When I read that William Safire had died over the weekend, I immediately thought of a remarkable column Safire wrote back in March of 1991, in which he attempted to predict what the world would look like five years later.
As is normal for such predictions, Safire got a lot wrong. No intra-European army was ever formed to replace NATO, George H. W. Bush was not reelected in 1992, Norman Schwartzkopf never ran for president; there are plenty of prophesies in the column (many of them obviously tongue-in-cheek) that never came true.
Safire's crystal ball was clearer on a few items, and some of them were not that difficult to predict. The old East did become a massive economic headache for the eventually-reunified Germany. Yugoslavia did crumble into war shortly afterwards--this was possibly the most obvious prediction in the entire piece--and the Europeans, after dithering for years, did finally call Washington for military help.
But the most remarkable display of prescience came in this paragraph. I still remember reading it for the first time in the International Herald-Tribune, and marveling over its audacity with my Oxford tutor in Soviet Politics:
And what to do about the former Soviet republics, with their newly productive market systems? From Yeltsin in Russia to Sheverdnadze in Georgia, a curtain of grain will fall from the separated parts of the old Kremlin empire. Although capitalist Poland is reviving nicely, fresh competition from the former Soviet republics is now causing Central European unemployment.
In 2009, approaching the twentieth anniversary of the collapse of the Warsaw Pact, those words appear almost banal, but in early 1991, when Gorbachev was sending black beret KGB thugs into Lithuania to crack down on a nascent independence movement, they hit like a thunderbolt.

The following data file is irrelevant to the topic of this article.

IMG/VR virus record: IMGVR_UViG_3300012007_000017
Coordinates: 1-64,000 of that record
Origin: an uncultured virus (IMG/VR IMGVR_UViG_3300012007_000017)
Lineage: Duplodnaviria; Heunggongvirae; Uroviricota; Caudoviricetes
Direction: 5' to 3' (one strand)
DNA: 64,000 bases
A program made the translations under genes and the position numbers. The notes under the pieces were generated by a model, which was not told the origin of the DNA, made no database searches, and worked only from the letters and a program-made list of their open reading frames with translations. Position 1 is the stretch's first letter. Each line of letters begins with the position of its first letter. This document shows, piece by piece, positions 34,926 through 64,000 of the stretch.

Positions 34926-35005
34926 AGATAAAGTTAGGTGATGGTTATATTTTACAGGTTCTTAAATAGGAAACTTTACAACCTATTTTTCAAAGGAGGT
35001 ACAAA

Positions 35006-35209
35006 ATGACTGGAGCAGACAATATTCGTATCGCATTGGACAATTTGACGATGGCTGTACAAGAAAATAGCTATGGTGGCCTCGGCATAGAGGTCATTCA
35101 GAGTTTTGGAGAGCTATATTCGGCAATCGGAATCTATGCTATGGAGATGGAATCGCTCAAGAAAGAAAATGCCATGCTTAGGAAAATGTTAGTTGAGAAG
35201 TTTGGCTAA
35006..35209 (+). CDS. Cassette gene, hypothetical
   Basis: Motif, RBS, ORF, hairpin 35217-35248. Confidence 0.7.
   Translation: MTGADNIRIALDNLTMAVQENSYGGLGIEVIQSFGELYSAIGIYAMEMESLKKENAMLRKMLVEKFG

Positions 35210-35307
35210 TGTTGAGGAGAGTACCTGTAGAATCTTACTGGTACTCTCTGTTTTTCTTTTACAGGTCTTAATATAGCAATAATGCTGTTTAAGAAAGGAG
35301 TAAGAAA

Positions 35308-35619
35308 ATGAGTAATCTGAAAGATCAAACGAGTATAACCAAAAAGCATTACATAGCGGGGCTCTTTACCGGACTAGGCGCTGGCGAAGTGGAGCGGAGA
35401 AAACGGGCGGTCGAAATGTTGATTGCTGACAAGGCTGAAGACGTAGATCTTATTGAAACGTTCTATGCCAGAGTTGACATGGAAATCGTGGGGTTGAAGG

Even with the old Eastern Bloc having sloughed off the dead hand of Communism, the Soviet Union itself appeared as implacable and permanent as one of Stalin's grim apartment blocks. Although he lacked the strength and the stomach to crush the external revolutions of 1989, Gorbachev was still determined to maintain his own internal empire, and to keep his Communist Party in firm charge of Russia and the captured Soviet buffer states. For a figure as prominent as Safire to write, almost casually, of Yetsin and Shevardhaze--both still members and high-ranking officials of the Party--as the leaders of independent, non-Soviet states... that was so far outside of the status quo we'd lived under for so long, it sounded like something out of a fantasy novel.
But of course, that bolt-from-the-blue prediction came true, and it happened mere months after the Safire column went to press.
Safire like to recall an anecdote from his early days as a columnist at the New York Times, in which he went to his editor and said that he'd like to write a memo for then-President Nixon, but wasn't sure whether doing so would compromise his new job at the Times. The editor replied that Safire should write the memo, submit it as a column, "and the president will read it, and you'll get paid for it." Which, of course, is exactly what happened.
I've often wondered what the reaction in the Kremlin was like when Safire's March 1991 column was translated and disseminated. Who within those walls had the same reaction that so many of us had, the realization that someone as experienced and (yes) cynical as William Safire still believed it was be possible for the world to change, that much?
It was a remarkable time, and I strongly suspect that Safire, who had a hand in many remarkable things over his long life, played a hand in the days that followed, simply by thinking ahead and writing about what he imagined the world could be.